Black family says Katy’s realtor denied them condos because of race: ‘They wouldn’t get along’

A black family is suing two real estate brokers and a real estate agent after the agent refused to sell them a unit in a new Katy condominium, according to a federal lawsuit filed Friday in Houston.

In one recording, an agent can be heard saying he can’t sell to the three real estate investors – a husband, a wife and the wife’s sister – because “we won’t be able to get along well”. The family had offered to pay the asking price in cash. The lawsuit also includes a flyer advertising the building as an “option for Chinese and Asian communities in Houston” where people could live “a safe and simple Asian life” to argue that the denial was based on race.

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The realtor told the family she was the landlord and it was up to her to determine who could live in Grand West, the lawsuit says. She also said that all of the owners “were personal friends and knew each other.”

Real estate brokerage firm EXP Realty and the realtor, named in the lawsuit as Josie Lin, did not immediately respond to requests for comment. RE/MAX said Josie Lin left the brokerage in December 2021 and had no affiliation with the brand at the time of the alleged event. Lin identifies herself on her site as “a Texan passing through Taiwan” and describes the challenges of studying at Penn State University while raising two children. She said she hopes she can use her personal experience to help immigrants like her adapt and achieve their American dream.

Contacted about the case, Lin seemed surprised to learn that she had been prosecuted. She did not respond to an emailed copy of the documents.

James Ra-Amari learned about the Grand West Condominiums — the first condominium building in the Asian city of Katy and the University of Houston in the Katy area, he said — over lunch. He and his wife, Misty Ra-Amari, lived with their four children a short drive from Katy Asian Town, and he was a regular at Jia Kitchen, where he said the staff recognized him and knew his usual order: crispy tofu with white rice and General Tso sauce. It was there that he saw a flyer announcing an open house for condominiums.

James Ra-Amari, who previously invested in Acres Homes and northeast Houston, said he was interested in Katy because of population growth and the push for development. From the building, he said, you can see both his favorite restaurant and the University of Houston’s Katy campus. After going to the open house, he, his wife and his wife’s sister, Rosemary Afful, decided to buy three homes, two to rent and one to occupy.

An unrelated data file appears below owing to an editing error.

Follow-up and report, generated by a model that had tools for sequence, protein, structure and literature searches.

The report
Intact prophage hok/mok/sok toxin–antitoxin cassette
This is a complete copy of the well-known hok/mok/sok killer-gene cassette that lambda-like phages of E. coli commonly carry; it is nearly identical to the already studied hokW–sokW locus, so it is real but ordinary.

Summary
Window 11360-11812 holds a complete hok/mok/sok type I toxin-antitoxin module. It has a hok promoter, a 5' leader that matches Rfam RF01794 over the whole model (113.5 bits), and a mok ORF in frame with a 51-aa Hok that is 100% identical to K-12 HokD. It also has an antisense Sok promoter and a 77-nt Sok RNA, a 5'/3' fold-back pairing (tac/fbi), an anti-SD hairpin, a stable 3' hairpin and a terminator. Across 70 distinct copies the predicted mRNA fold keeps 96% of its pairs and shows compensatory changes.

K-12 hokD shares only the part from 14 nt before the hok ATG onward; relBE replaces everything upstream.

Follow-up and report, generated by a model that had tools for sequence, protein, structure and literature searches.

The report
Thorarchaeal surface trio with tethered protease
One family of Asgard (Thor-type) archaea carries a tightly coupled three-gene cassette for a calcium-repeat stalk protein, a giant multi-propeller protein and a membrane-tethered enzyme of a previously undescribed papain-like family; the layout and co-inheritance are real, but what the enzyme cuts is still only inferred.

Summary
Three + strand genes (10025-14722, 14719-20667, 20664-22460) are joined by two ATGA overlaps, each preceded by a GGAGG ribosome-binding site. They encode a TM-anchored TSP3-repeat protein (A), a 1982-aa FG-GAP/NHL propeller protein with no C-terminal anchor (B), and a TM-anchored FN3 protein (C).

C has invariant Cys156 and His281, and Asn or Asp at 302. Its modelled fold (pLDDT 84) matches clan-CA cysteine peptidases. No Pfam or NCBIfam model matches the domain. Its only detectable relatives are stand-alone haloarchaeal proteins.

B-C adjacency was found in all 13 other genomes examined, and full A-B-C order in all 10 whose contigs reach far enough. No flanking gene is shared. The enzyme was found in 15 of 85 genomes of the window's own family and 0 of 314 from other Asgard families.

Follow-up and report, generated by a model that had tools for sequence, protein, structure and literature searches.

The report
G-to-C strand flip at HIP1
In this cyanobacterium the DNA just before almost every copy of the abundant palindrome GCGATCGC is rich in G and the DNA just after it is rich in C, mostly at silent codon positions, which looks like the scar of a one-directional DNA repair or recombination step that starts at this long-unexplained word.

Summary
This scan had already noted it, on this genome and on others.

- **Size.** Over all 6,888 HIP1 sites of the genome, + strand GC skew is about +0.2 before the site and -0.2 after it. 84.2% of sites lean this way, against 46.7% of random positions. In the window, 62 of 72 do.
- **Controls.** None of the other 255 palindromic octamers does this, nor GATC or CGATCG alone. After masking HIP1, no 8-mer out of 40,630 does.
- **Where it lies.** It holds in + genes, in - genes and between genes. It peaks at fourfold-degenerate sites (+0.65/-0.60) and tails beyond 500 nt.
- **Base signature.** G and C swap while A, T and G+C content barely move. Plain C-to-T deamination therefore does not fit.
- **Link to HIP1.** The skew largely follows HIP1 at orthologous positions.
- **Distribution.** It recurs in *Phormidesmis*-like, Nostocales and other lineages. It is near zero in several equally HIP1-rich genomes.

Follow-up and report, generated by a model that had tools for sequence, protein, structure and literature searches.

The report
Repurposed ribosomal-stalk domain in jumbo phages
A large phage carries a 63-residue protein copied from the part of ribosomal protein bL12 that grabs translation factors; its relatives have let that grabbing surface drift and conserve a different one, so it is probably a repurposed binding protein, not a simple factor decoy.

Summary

When the three returned to Grand West Condominiums on August 20, they faced a series of bizarre objections, according to the lawsuit.

When they struck up the conversation about buying the place, Lin said, “I don’t negotiate.” When the family said they agreed with the asking price, they say she replied, “Fannie Mae’s loan would not be approved due to owner occupancy ration of condominiums.” James Ra-Amari said he intended to pay in cash and no one had expressed a desire to fund the sale with a loan backed by government-sponsored mortgage finance company Fannie Mae.

The lawsuit also says Lin protested that she wanted the owners to be 55 or older. When the family asked her if she wasn’t going to sell to them because of their age, the suit says she replied, ‘No, I’m not going to sell to you because I feel like I don’t. wouldn’t get along with you. .”

James Ra-Amari said that when his investigation was repeatedly denied, he initially did not understand what had happened. When he realized he was being barred from investing in the area, he said it was a “dark feeling”. A video recording indicates that he quickly concluded the conversation.

Since the experience, he said, he has not returned to Jia Kitchen, where he previously ate once a week. “I don’t feel any different from the region in terms of its growth potential,” he said. “But it makes me feel different to shift my resources to a place that doesn’t seem to want us.”

He believes, however, that he will be able to overcome this feeling. He wants to grow the real estate business he and his wife run and believes the only way to do that is to invest in areas where the population is growing.

He said thinking about what the denial of access meant for his four children, aged 7 to 19, prompted him and his wife, Misty Ra-Amari, to file a complaint with the company. civil rights advocate Stafford Moore.

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“They look at their mother and father and say, ‘What are you going to do about this?'” James Ra-Amari said. “No matter how uncomfortable we feel, we’re not going to go down without a fight.”

rebecca.schuetz@chron.com;

twitter.com/raschuetz


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